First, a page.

“I stud­ied the Civic and won­dered how Honda had man­aged to make it uglier”

Top Gear (UK) - - CONTENTS -

What is a hot hatch in the year 2017? I’m sure, like me, you con­sider this one of the great ques­tions of our time. Honda has just un­veiled an even faster ver­sion of the Civic Type R, which I thought was brand-new un­til I saw this even newer one. I looked at it and thought: “That’s a hot hatch be­cause it’s front-drive.” Don’t ask me why my brain de­cided upon that def­ni­tion of a hot hatch, it just did.

So why does FWD make a car a hot hatch ac­cord­ing to my ad­dled mind? I sup­pose his­tor­i­cal precedent is the rea­son. Back in the late Eight­ies/early Nineties when the hot hatch wasn’t just a thing, but the thing, there was a kind of un­spo­ken set of rules that specifed the bound­aries of the hot-hatch genre. And be­ing 2WD was one of them. That’s why a Peu­geot 205GTi was con­sid­ered one and a Lan­cia Delta In­te­grale, even the early 8v ver­sion, wasn’t. And that’s why I can’t bring my­self to call the lat­est Ford Fo­cus RS a hot hatch­back. The pre­vi­ous-gen car? Front-driven, so that’s fne. This new­fan­gled all-drifty-thing? Nah. Rear drive­shafts pre­clude mem­ber­ship.

Still with me? Good. Sus­pect I’ll lose you now, though. As I stood and stud­ied the new Civic and won­dered how on earth Honda had man­aged to make it even uglier than the last one, it dawned on me that thirty-two-thou­sand pounds is an aw­ful lot of money for a two-box lift-back with a spicy mo­tor. Yes, I’m strug­gling to fnd ways of not re­peat­ing the phrase hot hatch­back, but back to the point at hand – the very essence of the hot hatch­back was to cock a snook at ex­pen­sive ma­chin­ery. They were blue col­lar and, as any­one who ever sat in­side a Citroen AX GT will at­test, they faunted their cheap­ness with pride.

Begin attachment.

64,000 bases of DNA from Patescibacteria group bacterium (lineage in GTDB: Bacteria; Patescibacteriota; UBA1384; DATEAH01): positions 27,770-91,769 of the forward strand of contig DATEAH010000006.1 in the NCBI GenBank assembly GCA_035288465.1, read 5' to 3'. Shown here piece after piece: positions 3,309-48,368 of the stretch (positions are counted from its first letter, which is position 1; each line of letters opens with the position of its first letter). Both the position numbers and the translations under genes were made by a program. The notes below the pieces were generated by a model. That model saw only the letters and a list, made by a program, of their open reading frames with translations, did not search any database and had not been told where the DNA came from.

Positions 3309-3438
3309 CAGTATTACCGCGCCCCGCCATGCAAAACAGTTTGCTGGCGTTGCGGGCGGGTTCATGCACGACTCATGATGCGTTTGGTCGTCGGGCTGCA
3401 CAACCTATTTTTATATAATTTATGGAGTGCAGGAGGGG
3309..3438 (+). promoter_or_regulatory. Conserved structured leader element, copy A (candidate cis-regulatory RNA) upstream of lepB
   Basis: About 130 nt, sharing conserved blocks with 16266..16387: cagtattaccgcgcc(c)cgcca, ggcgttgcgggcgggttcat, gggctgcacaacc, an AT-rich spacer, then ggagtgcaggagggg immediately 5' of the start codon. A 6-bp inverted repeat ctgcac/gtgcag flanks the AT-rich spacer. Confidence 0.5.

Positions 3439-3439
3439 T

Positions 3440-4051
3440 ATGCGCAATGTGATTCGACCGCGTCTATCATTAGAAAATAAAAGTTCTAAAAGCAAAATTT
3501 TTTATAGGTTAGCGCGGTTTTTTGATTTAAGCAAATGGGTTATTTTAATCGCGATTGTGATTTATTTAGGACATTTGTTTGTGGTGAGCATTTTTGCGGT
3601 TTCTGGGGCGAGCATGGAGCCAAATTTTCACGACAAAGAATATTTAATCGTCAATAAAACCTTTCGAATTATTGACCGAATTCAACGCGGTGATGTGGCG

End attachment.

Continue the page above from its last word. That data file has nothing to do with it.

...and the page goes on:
In 1991, you could buy a new Re­nault 19 16V – now that was a bril­liant car – for £12,000. Ac­cord­ing to the Bank of Eng­land’s in­fa­tion cal­cu­la­tor, that equates to a present-day £23,000. So a Civic that costs north of £30k is per­haps just too pricey to be a mem­ber of the club?

I think it might be. But at least it’s still a Honda. A Honda can be a hot hatch be­cause it’s an or­di­nary car. A BMW can­not be a hot hatch. I re­mem­ber think­ing this when it plonked a 2.5-litre 6cyl into the E36/5 Com­pact and ev­ery car mag­a­zine cover shouted, “BMW makes a hot hatch!”, and I thought: “No it hasn’t. A BMW can’t be a hot hatch be­cause BMW is a pres­tige brand and not some Mediter­ranean rust-bucket in wait­ing that couldn’t with­stand a 10mph of­set im­pact with an acorn.” I might have slightly em­bel­lished the ex­act word­ing of that mem­ory, but I hope you get my gist.

The 323ti wasn’t a hot hatch. It wasn’t ac­tu­ally sold in the UK, but the cur­rent M140i is sold here, and de­spite be­ing very much a hatch­back and hot in the per­for­mance depart­ment, it most cer­tainly isn’t a hot hatch. It also has six cylin­ders, and a hot hatch should have fewer than six. Not nec­es­sar­ily only four; just fewer than six. Five is ac­cept­able. Don’t ask me why. It’s the rules.

And it should be FWD. That’s the other rea­son for the M140i be­ing black­balled. It’s RWD, and if that nugget has peo­ple mewl­ing about the Tal­bot Sun­beam Lo­tus, then I’m afraid I’ll have to just say that the Sun­beam is an amaz­ing thing. But it can’t be a hot hatch. And I don’t re­ally know of any other club/ des­ig­na­tion/genre it can be­long to. For which I’m truly sorry.

So a real hot hatch in 2017 has to be FWD, £23k and dash about with a faint whif of ASBO about it. I give you the Ford Fi­esta ST. The only true hot hatch on sale in 2017. All the oth­ers are pre­tenders.

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